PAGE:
Department Stores Tear Into Holiday Promos
No, it isn't your imagination: More than ever, Christmas is creeping up on Halloween. From references to "doorbusters" -- a word most of America associates with the day after Thanksgiving -- in JCPenney ads during the World Series to Kohl's new holiday campaign to Target's major pre-Thanksgiving promotion, retailers are determined to get consumers shopping sooner.
"It is starting earlier," Scott Erickson, a partner in the retail practice of Deloitte, which just released a major holiday spending survey, tells Marketing Daily. "A lot of retailers are seeing that consumers have been a little reluctant to break out their wallets, and they are really believing that the November/December timeframe are going to be critical. They are trying to take advantage of that by moving the holiday period into October if they can."
Kohl's, for example, says its new holiday campaign, themed "Give, Save and Be Merry!," is set to break in print, direct mail, email, digital and social media, as well as TV and radio. (It's also launching new mobile access to Kohls.com.) The company says it is stepping up the number of Power Hour, Bonus Buy, Early Bird and two-day special offers throughout the season.
And Target just announced a pre-Thanksgiving four-day sale, and says it will offer deep discounts on toys, electronics and more. Beginning Sunday, Nov. 21, the chain says it will offer exclusive deals on more than 170 items including toys, electronics and movies. It's also promoting a Thanksgiving Day Sale, offering free shipping on more than 800,000 items.
Those promotions highlight industry convictions that while consumers may be a little more willing to spend this season, they will be highly price-focused.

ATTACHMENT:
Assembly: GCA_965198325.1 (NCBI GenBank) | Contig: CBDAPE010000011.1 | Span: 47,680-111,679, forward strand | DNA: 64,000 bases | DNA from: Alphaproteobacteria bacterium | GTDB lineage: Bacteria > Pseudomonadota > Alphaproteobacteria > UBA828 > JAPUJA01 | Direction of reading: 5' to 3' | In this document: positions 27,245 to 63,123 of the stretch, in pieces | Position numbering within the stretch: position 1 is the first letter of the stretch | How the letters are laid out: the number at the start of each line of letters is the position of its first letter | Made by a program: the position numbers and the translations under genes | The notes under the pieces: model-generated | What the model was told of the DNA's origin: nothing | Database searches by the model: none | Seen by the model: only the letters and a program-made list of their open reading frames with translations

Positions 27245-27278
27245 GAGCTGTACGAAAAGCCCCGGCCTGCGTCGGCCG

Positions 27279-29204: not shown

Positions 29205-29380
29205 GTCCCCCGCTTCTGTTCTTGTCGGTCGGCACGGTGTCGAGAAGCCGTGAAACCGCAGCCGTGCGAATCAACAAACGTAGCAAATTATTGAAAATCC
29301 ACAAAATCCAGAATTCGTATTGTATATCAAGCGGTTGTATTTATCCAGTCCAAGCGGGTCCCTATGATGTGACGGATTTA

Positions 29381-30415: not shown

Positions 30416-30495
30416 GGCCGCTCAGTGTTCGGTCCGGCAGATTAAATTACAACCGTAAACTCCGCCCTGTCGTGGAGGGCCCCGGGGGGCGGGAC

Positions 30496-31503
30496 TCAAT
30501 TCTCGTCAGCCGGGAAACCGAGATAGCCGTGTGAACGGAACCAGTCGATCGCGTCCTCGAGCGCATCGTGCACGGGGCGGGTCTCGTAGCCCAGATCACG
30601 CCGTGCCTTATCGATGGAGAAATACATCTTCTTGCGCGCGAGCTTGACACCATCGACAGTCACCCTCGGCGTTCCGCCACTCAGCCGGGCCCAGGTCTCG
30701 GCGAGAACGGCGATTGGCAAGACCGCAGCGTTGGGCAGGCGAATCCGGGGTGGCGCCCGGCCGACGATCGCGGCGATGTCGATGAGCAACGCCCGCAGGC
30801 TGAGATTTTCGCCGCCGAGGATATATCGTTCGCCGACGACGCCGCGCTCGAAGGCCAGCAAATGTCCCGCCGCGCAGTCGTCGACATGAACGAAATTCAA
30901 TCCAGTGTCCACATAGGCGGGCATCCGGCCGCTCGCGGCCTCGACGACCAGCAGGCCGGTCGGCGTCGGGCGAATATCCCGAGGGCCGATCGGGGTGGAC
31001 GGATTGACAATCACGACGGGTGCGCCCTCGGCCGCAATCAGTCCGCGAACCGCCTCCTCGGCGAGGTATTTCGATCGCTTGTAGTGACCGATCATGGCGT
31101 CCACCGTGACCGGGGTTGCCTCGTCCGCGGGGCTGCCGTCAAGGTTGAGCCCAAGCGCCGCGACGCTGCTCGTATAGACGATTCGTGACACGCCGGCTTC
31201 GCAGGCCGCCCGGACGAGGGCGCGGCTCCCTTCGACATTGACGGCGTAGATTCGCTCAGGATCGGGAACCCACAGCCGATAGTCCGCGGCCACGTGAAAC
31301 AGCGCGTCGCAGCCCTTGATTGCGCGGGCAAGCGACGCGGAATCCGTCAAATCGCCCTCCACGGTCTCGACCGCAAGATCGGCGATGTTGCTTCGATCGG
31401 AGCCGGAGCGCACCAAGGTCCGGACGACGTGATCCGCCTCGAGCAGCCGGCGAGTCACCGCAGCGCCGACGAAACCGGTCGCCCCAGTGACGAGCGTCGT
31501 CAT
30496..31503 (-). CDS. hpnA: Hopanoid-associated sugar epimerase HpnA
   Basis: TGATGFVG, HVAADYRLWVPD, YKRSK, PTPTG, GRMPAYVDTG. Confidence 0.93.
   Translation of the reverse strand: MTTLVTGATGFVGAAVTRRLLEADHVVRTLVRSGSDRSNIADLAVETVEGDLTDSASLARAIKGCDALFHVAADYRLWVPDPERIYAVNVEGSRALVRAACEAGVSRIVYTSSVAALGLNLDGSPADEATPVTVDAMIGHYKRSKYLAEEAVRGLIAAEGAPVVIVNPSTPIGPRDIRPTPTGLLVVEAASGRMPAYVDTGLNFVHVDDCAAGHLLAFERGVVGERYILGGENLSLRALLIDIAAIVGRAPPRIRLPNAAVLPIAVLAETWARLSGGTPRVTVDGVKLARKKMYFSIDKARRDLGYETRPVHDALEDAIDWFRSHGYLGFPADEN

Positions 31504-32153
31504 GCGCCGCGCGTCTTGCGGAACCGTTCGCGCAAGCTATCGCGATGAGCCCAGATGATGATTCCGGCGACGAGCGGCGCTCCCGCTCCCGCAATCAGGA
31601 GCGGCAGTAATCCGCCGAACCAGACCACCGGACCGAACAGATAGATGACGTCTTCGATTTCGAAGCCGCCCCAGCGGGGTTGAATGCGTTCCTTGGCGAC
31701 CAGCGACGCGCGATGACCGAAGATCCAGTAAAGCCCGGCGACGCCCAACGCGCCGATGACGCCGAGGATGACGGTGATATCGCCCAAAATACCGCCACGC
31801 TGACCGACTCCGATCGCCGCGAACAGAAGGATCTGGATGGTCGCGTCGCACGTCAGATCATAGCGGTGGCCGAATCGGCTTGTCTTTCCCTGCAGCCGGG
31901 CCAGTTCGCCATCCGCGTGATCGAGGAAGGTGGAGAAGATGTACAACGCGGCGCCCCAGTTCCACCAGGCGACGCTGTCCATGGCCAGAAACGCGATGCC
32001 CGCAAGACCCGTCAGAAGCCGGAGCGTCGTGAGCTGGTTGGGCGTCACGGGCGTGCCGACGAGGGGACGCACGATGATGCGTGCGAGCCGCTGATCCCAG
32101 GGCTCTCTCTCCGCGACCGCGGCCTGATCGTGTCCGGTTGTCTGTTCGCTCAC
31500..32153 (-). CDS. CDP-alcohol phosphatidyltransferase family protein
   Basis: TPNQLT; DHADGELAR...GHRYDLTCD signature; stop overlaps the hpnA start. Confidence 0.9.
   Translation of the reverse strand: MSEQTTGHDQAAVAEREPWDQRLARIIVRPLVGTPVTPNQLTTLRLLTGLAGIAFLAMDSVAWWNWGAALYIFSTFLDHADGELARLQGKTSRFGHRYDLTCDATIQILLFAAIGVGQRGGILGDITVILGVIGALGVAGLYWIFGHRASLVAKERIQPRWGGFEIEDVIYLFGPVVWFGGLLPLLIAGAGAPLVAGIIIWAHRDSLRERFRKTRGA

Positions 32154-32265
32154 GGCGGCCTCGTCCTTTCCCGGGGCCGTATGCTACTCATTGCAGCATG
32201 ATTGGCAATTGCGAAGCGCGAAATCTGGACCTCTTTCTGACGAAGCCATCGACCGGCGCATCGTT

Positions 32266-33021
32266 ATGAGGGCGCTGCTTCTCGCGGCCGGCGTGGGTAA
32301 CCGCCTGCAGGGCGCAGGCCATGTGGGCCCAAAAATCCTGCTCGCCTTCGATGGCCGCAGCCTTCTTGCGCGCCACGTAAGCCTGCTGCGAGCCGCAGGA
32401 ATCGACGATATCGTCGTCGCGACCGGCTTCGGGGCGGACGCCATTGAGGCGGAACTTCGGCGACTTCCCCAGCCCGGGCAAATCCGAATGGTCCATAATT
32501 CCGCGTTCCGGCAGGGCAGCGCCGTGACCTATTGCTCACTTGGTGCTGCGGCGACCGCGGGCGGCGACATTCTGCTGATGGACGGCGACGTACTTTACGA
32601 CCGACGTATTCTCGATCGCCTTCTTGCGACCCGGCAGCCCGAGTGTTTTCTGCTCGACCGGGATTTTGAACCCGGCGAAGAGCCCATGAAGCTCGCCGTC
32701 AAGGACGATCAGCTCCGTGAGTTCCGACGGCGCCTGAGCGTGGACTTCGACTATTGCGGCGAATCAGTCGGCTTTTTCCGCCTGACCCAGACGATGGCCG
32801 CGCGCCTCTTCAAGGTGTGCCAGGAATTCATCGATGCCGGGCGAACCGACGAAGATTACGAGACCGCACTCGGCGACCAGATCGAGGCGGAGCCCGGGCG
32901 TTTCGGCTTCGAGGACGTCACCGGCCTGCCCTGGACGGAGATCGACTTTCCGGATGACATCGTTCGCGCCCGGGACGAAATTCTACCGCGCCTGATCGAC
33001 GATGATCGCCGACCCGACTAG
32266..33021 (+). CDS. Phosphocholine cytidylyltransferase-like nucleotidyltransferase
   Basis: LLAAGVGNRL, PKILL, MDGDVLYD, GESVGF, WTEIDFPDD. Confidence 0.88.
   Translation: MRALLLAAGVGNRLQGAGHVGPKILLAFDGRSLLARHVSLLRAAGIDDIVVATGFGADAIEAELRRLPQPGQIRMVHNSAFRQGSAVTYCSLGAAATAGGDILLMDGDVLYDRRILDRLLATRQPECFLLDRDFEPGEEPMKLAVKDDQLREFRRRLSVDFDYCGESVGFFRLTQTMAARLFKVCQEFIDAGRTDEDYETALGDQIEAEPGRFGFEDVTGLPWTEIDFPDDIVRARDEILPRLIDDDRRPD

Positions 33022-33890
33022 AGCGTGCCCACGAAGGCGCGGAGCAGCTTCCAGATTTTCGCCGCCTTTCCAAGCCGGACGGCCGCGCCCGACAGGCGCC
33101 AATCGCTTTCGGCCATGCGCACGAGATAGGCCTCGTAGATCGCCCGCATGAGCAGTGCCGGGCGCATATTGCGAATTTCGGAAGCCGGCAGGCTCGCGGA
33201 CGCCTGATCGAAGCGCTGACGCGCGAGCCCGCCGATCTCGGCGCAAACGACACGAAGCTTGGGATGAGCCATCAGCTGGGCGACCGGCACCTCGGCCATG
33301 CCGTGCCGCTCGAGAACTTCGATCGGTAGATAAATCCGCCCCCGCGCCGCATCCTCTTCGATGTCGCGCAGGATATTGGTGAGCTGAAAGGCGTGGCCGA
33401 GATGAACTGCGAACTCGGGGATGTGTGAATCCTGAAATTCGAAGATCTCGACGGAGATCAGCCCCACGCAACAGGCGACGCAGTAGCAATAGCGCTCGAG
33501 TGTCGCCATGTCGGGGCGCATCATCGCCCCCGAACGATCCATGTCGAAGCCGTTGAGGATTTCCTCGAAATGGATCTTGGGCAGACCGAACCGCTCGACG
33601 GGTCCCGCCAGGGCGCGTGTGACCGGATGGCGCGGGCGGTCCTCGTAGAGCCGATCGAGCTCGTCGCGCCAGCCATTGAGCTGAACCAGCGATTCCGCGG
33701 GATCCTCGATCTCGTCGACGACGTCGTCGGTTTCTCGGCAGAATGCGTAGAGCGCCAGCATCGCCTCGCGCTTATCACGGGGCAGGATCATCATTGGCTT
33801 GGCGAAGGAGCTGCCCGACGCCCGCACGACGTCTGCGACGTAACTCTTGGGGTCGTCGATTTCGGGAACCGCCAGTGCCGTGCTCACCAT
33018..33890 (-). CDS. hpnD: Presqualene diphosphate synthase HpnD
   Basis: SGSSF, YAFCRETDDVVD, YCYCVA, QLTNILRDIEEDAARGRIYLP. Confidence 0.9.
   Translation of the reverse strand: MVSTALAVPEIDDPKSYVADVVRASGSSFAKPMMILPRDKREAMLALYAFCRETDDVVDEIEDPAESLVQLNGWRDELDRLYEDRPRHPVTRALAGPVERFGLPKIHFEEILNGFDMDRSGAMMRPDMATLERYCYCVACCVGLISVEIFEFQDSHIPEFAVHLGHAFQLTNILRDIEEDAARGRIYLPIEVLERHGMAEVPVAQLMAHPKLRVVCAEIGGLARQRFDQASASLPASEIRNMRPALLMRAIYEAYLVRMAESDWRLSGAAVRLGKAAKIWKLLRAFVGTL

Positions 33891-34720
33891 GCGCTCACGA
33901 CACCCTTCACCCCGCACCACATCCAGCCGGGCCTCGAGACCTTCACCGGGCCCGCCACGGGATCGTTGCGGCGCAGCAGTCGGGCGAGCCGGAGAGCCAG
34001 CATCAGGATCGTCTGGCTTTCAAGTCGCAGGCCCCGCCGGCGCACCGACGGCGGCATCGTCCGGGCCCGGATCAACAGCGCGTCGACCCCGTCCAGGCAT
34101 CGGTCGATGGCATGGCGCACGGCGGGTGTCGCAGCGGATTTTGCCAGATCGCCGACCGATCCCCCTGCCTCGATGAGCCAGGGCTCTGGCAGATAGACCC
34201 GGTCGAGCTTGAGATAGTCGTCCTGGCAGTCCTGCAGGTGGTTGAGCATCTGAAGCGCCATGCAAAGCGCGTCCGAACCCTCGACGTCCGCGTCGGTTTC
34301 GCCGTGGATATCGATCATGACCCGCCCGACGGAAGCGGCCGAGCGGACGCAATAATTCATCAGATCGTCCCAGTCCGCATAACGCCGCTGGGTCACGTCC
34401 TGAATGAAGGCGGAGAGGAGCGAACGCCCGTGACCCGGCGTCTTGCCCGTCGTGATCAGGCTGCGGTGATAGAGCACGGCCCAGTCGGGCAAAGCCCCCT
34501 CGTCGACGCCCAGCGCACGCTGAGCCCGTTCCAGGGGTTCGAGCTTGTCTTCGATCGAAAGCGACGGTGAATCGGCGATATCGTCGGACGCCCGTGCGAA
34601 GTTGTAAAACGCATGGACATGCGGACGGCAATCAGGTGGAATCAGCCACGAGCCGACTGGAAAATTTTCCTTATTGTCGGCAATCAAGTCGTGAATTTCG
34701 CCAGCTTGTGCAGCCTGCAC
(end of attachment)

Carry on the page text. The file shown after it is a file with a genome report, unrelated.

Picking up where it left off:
"Consumers' perception of the economy is that it's one piece of good news followed by one piece of bad," says Erickson, "and that's making them cautious. And so while our survey finds that 62% of people plan to spend the same or more -- an 11-point increase -- people are clearly very price-conscious. Even though they say they are going to spend more, they are trying to stretch every dollar."
Many shoppers were surprisingly upbeat about their own finances, with 66% saying their household financial situation is the same or better than last year, a 10 percentage point rise from 2009.
Another surprise, he says, is just how firmly mobile and online channels have taken hold on the holiday shopping process, with 72% saying online research will influence what they buy. One example, he says, is that of the 17% who plan to use their smartphones in the holiday shopping process, 56% of them will do so to compare prices, up from 45% in 2009.
And for the seventh year in a row, gift cards came in No. 1 as the item shoppers are most likely to buy.